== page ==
Chris Wilson


The Dry Season

"Tenants of the house,
Thoughts of a dry brain in a dry season."
T. S. Eliot, "Gerontion"

Day 25 of the drought: The First Baptist on 7th Street changed their bulletin board today to say: "We of Benjamin Harrison County humbly pray to the Lord for rain." The carwash on Rt. 46 also closed down and the fifth-graders and six-graders at B.H.J.H.S. got out of school at 12:30. Since the fourth-graders and below don't have to go to gym they can stay in school until the regular time.

* * *

Day 26 of the drought: Spoke with a man from the funeral parlor today. Said there was a statewide embargo on cedar imports because the guy who handled it had drug connections. Spit and said something about politics, and how it all added up to me owing him another $150. Must pay by Tuesday, which means I'll need to get another advance from the shop unless something extraordinary happens between now and then. Also, radio said starting next week there wouldn't be any school for anybody unless we got some rain or the Governor declares us a disaster zone. Will have to find someone to watch my brother in the afternoon. Might see if Peter can run the shop by himself so I can stay home.

* * *

Day 27 of the drought: Ran into R.T. from the carwash at the supermarket today. Said that if it didn't rain in about a week he'd probably be evicted and have to move back in with his sister. Said he had a little money saved up but that it wouldn't last through the summer. Made a joke about it being his 'rainy day' fund. Neither of us laughed.

* * *

Day 28: James disappeared again today, hasn't come back and now it's almost 10. Called Sgt. P. at the station and filed the usual report. Almost everyone there knows James by name now. He said they'd keep an eye out for him, and I told him that James had grown about four inches since the last time he ran away. P. said kids that age shoot up like bean sprouts, but that they'd probably recognize him anyway.

* * *

Day 29: Got a call back from Sgt. P. Said he just wanted to let me know they were still looking and not to worry—he's probably holed up somewhere and in a day or so if he hasn't shown up they'll notify the FBI. Said there's lots of old folks in this area who'll take in a kid like my brother and not think twice about telling anyone about it.

* * *

Day 30: Got James' test results back from the D.S.E. Not very helpful woman who called said the delay was because they had to send his test up to Virginia for expert analysis; otherwise his results might not be accurate on account of his low score. The long and short of it was that he reported in at a 56, which qualifies him for Special Education in the state. A little good news, if he ever shows up again.

* * *

Day 31: A little rain last night, but not enough to provide any relief and this morning the sun was back out in a blue sky as bright and mean as ever. Made it into the shop for a few hours this morning, but no customers. Peter unhelpful. I suggested reorganizing to put the handmade puppets up front near the door, but he disagreed and it was clear that neither of us were going to budge. So I left and told him to go to hell and take his puppets with him, that nobody bought them anyway. Haven't felt remorseful yet.

* * *

Day 32 (still of the drought): James came home today, and not alone. He came in a skin-colored Volvo driven by a man whose name I later found out is Simon. Guy couldn't be under 60 but never got his age. Simon doesn't talk, apparently. Had some sort of operation, James said—throat cancer, I think, though who knows if James made that up—and now he can only sort of groan and murmur. Thing is, somehow James can understand him. Don't know how this happened. At first I was sure that James was just making up everything he translated, but as far as I can tell Simon can hear just fine and he's yet to object to anything James has said. Also, a lot of the things I hear James say aren't really IQ 56 sort of things. They're at least IQ 90 things to say, to wager a guess. But I guess we'd have to truck James and his new friend up to Virginia if we wanted to know for sure.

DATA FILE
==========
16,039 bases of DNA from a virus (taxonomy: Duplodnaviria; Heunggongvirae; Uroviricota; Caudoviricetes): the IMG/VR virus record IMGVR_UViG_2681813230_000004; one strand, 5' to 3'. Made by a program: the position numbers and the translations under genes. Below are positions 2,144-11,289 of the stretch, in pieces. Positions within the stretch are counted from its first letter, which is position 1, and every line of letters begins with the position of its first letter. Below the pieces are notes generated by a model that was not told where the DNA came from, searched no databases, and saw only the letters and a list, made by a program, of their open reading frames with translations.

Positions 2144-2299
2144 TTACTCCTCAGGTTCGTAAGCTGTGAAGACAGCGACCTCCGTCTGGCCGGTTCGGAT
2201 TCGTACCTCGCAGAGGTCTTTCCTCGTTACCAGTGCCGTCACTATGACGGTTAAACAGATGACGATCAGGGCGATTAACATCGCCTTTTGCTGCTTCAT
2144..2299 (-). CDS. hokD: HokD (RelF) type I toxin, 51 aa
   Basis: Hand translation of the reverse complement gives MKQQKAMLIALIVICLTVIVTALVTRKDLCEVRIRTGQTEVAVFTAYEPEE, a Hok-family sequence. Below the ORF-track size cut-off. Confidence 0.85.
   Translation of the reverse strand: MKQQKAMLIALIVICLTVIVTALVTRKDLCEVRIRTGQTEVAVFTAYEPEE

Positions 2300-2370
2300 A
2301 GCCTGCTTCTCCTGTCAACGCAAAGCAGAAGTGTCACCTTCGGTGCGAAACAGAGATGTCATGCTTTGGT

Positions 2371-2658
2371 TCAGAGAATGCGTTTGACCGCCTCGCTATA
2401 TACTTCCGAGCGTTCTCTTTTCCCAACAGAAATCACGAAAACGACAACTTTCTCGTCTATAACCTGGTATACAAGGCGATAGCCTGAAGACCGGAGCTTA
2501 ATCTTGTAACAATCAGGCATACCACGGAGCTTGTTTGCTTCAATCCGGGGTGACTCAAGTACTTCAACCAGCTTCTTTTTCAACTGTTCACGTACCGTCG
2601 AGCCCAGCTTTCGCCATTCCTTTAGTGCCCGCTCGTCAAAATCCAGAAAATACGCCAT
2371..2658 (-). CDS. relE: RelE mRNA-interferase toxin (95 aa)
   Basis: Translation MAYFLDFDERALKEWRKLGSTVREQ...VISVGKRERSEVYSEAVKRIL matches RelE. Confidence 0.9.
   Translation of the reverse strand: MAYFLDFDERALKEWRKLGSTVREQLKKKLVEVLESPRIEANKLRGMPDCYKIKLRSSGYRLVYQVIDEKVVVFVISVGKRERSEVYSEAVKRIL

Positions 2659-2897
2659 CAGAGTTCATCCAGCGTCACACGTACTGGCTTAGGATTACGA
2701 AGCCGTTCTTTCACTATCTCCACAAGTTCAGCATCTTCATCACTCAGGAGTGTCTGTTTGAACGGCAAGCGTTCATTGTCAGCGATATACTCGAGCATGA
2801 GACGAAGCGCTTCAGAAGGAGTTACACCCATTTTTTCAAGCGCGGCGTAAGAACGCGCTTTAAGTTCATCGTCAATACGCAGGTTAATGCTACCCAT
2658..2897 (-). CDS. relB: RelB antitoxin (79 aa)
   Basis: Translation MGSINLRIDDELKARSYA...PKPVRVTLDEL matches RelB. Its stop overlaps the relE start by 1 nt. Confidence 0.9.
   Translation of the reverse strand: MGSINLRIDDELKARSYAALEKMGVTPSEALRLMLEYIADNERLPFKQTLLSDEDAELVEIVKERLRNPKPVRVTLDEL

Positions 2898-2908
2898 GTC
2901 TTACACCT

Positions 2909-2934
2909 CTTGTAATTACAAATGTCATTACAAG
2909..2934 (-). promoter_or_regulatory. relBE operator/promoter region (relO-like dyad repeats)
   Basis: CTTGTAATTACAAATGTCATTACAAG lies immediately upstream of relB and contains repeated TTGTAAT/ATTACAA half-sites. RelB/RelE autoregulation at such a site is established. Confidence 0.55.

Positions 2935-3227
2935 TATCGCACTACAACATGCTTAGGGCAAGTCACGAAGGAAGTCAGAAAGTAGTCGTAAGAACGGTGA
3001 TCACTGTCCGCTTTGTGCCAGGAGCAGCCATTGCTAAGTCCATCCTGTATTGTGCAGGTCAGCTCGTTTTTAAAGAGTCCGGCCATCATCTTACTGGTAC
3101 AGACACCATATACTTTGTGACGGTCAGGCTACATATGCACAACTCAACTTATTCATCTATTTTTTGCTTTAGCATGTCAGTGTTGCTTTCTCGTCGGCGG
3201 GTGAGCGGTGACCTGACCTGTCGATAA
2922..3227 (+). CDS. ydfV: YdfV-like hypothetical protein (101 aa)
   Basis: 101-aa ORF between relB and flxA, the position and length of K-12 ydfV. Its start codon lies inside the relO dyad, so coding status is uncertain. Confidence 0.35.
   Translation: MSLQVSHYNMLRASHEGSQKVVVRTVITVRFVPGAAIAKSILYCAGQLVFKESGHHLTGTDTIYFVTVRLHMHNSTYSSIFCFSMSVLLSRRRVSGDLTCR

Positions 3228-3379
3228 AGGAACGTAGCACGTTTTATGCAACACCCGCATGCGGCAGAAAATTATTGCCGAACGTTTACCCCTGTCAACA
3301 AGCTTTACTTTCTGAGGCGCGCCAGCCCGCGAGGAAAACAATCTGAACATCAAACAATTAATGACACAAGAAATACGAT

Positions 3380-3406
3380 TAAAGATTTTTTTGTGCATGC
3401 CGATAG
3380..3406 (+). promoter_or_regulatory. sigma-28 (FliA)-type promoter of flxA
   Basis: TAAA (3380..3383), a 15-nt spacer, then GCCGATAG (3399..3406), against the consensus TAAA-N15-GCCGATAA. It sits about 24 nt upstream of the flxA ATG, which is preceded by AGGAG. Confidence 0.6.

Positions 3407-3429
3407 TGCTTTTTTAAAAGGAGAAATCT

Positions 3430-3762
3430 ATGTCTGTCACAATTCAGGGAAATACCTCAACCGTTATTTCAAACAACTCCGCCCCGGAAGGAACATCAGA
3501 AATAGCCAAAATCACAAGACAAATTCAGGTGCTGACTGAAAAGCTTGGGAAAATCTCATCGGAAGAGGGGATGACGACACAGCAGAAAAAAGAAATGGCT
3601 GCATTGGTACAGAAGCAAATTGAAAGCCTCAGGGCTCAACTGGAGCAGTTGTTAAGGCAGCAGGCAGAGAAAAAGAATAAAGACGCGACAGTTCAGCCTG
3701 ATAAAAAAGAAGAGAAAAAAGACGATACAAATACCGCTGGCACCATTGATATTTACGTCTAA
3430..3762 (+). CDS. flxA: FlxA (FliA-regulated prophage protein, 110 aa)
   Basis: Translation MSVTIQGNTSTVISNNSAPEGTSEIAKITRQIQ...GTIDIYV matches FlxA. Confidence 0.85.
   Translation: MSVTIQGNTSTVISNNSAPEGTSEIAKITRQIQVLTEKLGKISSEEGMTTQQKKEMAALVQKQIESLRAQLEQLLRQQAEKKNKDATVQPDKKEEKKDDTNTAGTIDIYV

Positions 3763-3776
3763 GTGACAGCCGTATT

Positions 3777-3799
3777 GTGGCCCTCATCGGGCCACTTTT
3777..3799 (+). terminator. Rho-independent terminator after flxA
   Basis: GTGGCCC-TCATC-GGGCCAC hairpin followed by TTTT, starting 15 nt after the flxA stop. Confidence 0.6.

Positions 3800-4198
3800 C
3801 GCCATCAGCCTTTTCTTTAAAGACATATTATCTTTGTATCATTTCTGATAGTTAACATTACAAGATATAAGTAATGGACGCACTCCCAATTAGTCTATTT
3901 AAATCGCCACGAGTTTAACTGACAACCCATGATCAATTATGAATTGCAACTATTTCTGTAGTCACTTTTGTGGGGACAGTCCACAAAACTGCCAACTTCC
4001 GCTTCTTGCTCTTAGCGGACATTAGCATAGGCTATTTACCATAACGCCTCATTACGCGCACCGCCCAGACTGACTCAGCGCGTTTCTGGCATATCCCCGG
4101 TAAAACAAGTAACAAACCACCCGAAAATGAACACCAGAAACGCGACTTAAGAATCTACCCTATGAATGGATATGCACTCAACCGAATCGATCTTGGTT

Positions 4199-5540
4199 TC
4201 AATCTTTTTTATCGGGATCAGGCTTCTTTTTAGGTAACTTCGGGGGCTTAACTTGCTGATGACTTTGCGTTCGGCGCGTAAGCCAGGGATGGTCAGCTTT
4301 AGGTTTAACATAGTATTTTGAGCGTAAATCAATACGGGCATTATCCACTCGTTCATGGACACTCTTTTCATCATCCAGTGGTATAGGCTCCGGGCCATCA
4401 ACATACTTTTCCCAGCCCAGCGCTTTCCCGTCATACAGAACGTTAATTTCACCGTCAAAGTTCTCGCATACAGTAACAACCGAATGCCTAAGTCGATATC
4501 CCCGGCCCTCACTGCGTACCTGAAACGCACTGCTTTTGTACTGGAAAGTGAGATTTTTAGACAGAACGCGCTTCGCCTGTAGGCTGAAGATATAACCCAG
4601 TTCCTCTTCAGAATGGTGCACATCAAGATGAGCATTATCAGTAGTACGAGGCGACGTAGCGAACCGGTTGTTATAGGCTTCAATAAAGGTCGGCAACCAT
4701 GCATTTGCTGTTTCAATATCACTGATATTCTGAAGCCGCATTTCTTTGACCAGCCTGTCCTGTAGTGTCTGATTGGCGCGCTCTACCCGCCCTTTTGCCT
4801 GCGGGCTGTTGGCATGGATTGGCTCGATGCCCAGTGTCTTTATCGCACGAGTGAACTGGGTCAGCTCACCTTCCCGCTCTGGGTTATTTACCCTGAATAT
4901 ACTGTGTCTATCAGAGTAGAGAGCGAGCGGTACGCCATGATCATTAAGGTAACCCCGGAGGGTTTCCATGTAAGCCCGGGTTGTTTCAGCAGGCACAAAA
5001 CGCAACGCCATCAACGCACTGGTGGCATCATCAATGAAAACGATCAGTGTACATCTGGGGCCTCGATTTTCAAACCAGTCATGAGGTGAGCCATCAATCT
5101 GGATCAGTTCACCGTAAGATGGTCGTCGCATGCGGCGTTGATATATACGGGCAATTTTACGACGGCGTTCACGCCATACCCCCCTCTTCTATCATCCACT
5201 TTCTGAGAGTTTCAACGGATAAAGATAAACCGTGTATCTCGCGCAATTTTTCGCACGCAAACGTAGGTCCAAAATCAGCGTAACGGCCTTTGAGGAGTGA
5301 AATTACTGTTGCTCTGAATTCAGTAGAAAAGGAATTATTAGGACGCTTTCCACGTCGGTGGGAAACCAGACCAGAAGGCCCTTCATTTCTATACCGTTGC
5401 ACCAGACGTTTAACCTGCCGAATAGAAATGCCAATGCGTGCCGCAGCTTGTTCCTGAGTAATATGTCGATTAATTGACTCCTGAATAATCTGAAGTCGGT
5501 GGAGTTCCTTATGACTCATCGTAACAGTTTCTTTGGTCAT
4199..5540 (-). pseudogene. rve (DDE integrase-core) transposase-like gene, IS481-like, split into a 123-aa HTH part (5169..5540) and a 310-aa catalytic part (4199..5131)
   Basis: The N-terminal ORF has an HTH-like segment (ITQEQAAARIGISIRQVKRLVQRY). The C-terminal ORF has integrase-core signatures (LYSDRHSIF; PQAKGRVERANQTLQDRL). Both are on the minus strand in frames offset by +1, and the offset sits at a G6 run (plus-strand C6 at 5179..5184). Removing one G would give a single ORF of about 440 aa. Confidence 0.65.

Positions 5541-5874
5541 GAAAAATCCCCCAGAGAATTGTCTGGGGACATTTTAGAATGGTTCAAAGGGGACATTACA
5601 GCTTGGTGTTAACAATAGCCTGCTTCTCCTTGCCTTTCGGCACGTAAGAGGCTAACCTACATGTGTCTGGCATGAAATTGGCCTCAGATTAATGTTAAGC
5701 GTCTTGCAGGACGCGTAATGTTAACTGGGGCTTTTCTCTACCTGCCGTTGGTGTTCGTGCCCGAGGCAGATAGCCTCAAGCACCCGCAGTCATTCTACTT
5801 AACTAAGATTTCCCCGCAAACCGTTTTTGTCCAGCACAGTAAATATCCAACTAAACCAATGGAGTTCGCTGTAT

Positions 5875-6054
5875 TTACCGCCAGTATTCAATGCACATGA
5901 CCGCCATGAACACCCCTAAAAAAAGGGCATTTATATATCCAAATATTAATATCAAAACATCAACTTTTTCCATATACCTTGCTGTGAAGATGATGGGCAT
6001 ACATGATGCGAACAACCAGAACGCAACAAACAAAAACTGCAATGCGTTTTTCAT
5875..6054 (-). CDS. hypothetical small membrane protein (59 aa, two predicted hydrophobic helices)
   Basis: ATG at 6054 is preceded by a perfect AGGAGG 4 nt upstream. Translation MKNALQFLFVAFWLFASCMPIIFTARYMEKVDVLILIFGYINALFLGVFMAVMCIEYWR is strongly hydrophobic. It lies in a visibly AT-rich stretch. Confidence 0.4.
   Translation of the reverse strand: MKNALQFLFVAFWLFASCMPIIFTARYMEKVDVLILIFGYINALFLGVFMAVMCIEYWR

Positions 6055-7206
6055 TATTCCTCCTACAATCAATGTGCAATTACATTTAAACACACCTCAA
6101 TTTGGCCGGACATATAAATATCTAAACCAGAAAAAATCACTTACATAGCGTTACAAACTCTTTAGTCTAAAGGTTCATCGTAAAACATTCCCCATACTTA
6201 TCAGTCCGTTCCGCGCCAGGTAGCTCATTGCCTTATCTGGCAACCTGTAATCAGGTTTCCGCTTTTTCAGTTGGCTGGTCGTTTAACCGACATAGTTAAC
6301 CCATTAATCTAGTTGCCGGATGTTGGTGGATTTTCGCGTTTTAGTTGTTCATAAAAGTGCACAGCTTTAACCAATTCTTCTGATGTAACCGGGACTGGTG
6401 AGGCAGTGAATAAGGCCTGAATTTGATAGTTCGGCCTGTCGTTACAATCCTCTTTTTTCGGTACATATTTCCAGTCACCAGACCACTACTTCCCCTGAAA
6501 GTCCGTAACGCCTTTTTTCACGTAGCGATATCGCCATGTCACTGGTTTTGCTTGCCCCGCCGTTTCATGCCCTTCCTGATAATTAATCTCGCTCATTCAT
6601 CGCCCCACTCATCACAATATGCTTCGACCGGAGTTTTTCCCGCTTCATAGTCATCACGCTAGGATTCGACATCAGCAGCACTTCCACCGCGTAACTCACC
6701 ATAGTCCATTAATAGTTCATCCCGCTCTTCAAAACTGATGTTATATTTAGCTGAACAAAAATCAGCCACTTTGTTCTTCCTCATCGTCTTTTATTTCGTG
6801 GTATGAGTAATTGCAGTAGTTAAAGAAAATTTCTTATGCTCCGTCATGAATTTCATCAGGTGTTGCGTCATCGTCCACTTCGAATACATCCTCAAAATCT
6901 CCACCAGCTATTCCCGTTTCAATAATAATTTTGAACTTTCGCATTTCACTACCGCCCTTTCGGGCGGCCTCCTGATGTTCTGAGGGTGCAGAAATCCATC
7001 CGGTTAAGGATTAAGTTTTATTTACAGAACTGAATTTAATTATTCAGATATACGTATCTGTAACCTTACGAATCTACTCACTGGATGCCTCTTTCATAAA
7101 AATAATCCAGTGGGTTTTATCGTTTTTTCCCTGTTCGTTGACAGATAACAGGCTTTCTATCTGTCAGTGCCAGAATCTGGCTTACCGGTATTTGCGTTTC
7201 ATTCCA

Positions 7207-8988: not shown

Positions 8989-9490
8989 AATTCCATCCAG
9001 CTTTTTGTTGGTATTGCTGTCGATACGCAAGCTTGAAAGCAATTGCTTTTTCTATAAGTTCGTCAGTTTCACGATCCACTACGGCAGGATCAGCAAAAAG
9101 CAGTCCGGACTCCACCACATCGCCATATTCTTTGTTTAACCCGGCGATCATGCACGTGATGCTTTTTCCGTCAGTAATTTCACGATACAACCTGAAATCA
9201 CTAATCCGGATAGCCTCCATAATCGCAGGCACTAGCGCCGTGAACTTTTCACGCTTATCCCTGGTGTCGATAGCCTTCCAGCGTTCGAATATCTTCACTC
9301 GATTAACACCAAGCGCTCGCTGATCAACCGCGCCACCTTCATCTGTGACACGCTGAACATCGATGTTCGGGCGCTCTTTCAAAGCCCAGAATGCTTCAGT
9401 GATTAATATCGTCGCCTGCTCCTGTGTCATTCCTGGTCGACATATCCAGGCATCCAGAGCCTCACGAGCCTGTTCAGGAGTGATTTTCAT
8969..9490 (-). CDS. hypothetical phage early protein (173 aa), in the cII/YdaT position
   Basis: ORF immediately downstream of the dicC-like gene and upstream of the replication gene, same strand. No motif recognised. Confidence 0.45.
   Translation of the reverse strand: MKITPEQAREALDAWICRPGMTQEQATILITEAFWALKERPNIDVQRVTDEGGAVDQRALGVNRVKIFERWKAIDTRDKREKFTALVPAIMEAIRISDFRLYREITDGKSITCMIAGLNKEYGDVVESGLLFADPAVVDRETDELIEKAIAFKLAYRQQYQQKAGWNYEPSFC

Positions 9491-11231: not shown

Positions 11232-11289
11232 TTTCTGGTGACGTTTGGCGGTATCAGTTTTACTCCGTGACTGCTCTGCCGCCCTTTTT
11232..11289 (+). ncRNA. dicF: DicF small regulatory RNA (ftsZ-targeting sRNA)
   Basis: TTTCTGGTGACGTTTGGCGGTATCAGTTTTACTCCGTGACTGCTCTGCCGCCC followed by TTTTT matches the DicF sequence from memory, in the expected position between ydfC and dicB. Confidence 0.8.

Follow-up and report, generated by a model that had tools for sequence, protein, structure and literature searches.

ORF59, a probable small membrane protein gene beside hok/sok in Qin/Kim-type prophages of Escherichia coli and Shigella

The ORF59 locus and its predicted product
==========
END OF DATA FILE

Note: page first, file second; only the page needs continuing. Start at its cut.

* * *

Day 34: Apologies for not getting to the journal yesterday. Couldn't manage the time between holding up the shop and dealing with James. Tried to get in touch with Mrs. W. about his absence, but didn't get called back. Maybe she figured school would be closed within the week anyway. Also, Simon showed up again around dinner. Already had plans to dine with Ms. F next door, but managed to squeeze in an invitation for S. too. J. delighted to see his new friend, who didn't react one way or another.

At dinner, during a lull in the conversation, J. announced to us that S. had a story that he wanted to tell. S. just stared straight ahead, so J. went right on ahead and told the story.

Said his (Simon's) hometown was founded by freed negros during Jim Crow era (funny, I don't think James has ever heard of Jim Crow) and that before the negros arrived it was a watering hole where the old steam engines would stop and refuel. Back then the negros all had to ride in the first two cars in the train. Once, when the conductor was doing the rounds through the passenger cars to announce that they were making a stop, he told all the folks in the white cars that it would be a ten minute stop and he told all the black people that it would be a fifteen minute stop. So all the passengers got off to stretch their legs, and in ten minutes the white folks got back on the train and the negros stayed at the landing. The train left without them, luggage and all.